Deadline for Controversial Kindergarten Connect Gets Extended by a Week
MANHATTAN — The deadline for the city's new online kindergarten application was extended by a week to Feb. 20, Department of Education officials announced Wednesday.
Officials said the deadline was pushed back from Feb. 14 to give families additional time to sign up through Kindergarten Connect, which has come under fire by critics for leaving some parents behind in a digital divide.
The centralized system allows parents to rank up to 20 schools on one form, rather than having them make personal visits to drop off applications at each individual school they're interested in, as was the previous practice.
Despite moving the registration process online, the city's zones and admissions priorities remained unchanged.
"We've made it easier to to apply to kindergarten, and as a result, some schools will see an increase in their application numbers," said DOE spokesman Harry Hartfield. "But, school admissions priorities have not changed, and zoned students will be admitted first as they have been in the past."
But this fact hasn't stopped many families from trying their luck at getting their kids into some of the city's top elementary schools, according to preliminary figures.
For instance, more than 600 families applied for the 250 seats at Park Slope's popular P.S. 321, its parent coordinator said. Nearly 500 families applied for the 120 seats at Greenwich Village's high-performing P.S. 41, its parent coordinator said.
Nearly 600 applications flooded the Upper West Side's P.S. 199, which has 148 spots, according to the PTA president of the well-regarded school.
"People seem confused, thinking that they have to list more than their zoned school," said P.S. 321's parent coordinator Margaret Keiser. "There’s nothing to prevent folks from listing [our school], even though many are way too low on the food chain."
Families will receive offers based on schools’ admissions priorities. How parents ranked schools comes into play only if a family could have been offered more than one placement, in which case, the child will receive an offer to the school ranked highest, DOE officials explained.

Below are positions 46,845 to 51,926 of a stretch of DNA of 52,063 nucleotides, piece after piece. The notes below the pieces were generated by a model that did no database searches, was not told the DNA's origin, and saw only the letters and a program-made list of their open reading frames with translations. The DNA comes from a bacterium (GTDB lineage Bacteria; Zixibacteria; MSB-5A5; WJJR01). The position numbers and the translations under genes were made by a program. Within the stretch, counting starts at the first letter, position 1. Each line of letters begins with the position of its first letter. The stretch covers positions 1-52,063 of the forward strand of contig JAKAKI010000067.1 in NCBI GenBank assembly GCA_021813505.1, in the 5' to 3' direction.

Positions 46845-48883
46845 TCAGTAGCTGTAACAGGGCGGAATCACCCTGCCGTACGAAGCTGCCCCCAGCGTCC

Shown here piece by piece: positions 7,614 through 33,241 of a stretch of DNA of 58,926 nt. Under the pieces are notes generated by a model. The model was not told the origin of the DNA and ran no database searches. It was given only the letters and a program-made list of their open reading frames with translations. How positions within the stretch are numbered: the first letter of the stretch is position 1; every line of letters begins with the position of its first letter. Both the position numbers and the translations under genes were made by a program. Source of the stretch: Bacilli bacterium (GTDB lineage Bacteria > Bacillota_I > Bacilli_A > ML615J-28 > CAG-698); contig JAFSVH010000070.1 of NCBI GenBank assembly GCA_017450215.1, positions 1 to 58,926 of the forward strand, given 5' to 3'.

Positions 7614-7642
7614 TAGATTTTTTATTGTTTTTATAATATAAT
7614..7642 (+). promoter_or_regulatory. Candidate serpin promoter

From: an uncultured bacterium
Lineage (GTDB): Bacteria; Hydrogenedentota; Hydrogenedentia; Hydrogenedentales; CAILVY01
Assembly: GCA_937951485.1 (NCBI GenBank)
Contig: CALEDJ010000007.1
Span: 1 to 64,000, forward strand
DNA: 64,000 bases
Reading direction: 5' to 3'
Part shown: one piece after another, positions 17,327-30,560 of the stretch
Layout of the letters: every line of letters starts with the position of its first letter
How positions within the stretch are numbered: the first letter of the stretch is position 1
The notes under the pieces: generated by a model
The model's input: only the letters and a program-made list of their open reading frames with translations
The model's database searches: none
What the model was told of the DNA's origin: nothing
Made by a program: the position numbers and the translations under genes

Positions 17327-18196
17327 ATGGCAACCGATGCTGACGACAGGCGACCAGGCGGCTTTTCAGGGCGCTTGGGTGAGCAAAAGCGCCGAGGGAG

This ensures that all families will get an offer at the same time in early April, unlike before where families might get a waitlist notice in March and then an offer in June. There will, however, still be waitlists — for instance, if a family gets their third choice, they will remain on the waitlist for the schools they ranked first and second, officials said.
Kindergarten Connect has generated some controversy, especially from advocates and preschools working with families who don't have computer access or speak languages other than English. Though instructions for the online system are translated, the application itself is not.
Families can also register by phone — in over 200 languages — or in-person at borough enrollment offices.
But many families said being able to register in person at a school in addition to the online option would be preferable since many families like the face-to-face interaction and guidance they get from school administrators.
"It's a personalized experience that the parents actually appreciated," said Michele Farinet, parent coordinator at P.S. 41, noting that her school remained unsure about how much time it would take them to comb through applications to verify information plugged into the online application.
"How much extra work this gives each individual school remains to be seen," she said.
"We are a zoned school, and we do not have to accept out of zone applicants since we fill from our zone," she added. "I just hope that non-zoned families' expectations have not been raised in a manner that is unrealistic."
Noah Gotbaum, a public school parent who sits on District 3's Community Education Council on the Upper West Side, criticized the Bloomberg administration handing off the untested system to the next administration.
"I imagine you'll have a lot of dissatisfied parents who didn't understand what they were signing up for in the first place," he said. "We see Kindergarten Connect as a time bomb set to explode."